Frost, ice, and some wet snow arrived today. It’s bittersweet. I love what the winter represents, a captured moment of stillness, the crunch of ice beneath my boots, red-cheeked children racing down hills on sleds
but winter often makes me feel inadequate. Those endless days when there is no school, the days when I can’t get to the store, and I’ve run out of Pinterest projects to entertain children wrapped with impenetrable ennui. There are that morning of desperation when the school’s closed yet again, and I have the whole day to fill, and I know my work, will go again, undone.
Perhaps that isn’t the point; I should embrace the chaos winter brings.
Those lazy moments I can have a cup of something warm without having to usher children early from their beds, days filled with warm stews and hearth baked bread. Olympics of Candyland, Twister and more hands of uno than I can count. The opportunity to put my work aside and try the exotic, time-consuming dessert recipe with four enthusiastic tasters. A chance to glide across the icy ponds after lacing skates yet again and the ballet of children barely upright yet as graceful as a bead of frost sliding down a pane.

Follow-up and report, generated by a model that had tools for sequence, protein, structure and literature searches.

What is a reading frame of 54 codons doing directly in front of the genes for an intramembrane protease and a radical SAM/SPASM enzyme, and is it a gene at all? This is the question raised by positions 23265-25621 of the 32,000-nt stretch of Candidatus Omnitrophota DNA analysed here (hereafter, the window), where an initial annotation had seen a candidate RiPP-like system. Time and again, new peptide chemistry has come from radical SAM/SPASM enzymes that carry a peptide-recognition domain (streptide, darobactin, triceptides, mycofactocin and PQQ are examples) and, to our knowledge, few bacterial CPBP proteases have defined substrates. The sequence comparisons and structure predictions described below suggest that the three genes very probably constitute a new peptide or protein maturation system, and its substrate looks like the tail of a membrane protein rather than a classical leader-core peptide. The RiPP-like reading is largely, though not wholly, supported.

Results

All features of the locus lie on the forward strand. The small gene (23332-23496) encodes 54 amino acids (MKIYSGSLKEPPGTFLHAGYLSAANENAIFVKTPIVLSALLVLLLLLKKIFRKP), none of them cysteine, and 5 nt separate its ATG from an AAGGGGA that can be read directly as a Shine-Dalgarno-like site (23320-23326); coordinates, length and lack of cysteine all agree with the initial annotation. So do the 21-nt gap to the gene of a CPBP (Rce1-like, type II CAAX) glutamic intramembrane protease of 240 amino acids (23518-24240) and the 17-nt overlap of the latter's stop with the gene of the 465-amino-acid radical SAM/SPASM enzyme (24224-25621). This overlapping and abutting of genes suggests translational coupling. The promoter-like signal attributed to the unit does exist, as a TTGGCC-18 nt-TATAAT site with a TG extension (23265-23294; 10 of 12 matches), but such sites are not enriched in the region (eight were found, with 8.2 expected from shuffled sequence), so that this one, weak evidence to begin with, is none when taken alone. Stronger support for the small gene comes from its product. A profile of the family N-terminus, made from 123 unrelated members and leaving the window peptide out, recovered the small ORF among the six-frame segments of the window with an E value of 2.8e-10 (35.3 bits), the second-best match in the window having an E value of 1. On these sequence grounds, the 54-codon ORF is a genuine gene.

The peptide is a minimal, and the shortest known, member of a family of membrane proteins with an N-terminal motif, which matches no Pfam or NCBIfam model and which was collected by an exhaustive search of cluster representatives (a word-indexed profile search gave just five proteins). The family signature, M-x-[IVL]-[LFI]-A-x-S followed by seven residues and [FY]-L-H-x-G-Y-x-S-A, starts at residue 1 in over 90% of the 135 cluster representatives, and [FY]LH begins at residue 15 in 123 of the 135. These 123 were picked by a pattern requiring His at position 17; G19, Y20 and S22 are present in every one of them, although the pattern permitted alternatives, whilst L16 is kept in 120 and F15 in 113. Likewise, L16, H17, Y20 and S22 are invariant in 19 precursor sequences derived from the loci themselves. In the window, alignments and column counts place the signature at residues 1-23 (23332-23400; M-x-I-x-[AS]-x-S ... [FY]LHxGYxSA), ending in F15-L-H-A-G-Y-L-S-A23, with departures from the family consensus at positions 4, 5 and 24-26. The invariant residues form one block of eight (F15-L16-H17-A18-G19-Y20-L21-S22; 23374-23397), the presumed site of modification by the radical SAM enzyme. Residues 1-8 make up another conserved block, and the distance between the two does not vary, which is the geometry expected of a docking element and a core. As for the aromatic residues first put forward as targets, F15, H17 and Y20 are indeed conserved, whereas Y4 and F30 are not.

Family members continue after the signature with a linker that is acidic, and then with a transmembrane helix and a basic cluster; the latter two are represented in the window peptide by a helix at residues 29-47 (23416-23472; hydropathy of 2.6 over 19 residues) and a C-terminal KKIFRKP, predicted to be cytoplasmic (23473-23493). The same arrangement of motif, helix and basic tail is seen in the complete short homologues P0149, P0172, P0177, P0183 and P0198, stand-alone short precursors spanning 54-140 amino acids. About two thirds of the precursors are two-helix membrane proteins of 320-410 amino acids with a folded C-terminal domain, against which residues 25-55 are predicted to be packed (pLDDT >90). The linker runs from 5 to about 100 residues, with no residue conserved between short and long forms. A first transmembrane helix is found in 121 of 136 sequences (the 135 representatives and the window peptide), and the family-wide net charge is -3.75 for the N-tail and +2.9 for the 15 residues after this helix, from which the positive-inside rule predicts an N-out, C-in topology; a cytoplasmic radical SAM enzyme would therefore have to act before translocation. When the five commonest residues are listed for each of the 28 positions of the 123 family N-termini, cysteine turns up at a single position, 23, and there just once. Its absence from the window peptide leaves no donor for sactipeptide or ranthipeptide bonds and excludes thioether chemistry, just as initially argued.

I’m starting to crave those moments already.
It brings to mind one of my favorite poems.
Winter: My Secret
I tell my secret? No indeed, not I;
Perhaps some day, who knows?
But not today; it froze, and blows and snows,
And you’re too curious: fie!
You want to hear it? well:
Only, my secret’s mine, and I won’t tell.
Or, after all, perhaps there’s none:
Suppose there is no secret after all,
But only just my fun.
Today’s a nipping day, a biting day;
In which one wants a shawl,
A veil, a cloak, and other wraps:
I cannot ope to everyone who taps,
And let the draughts come whistling thro’ my hall;
Come bounding and surrounding me,
Come buffeting, astounding me,
Nipping and clipping thro’ my wraps and all.
I wear my mask for warmth: who ever shows
His nose to Russian snows
To be pecked at by every wind that blows?
You would not peck? I thank you for good will,
Believe, but leave the truth untested still.
Spring’s an expansive time: yet I don’t trust
March with its peck of dust,
Nor April with its rainbow-crowned brief showers,
Nor even May, whose flowers
One frost may wither thro’ the sunless hours.
Perhaps some languid summer day,
When drowsy birds sing less and less,
And golden fruit is ripening to excess,
If there’s not too much sun nor too much cloud,
And the warm wind is neither still nor loud,
Perhaps my secret I may say,
Or you may guess.
How will you pass those frost filled days?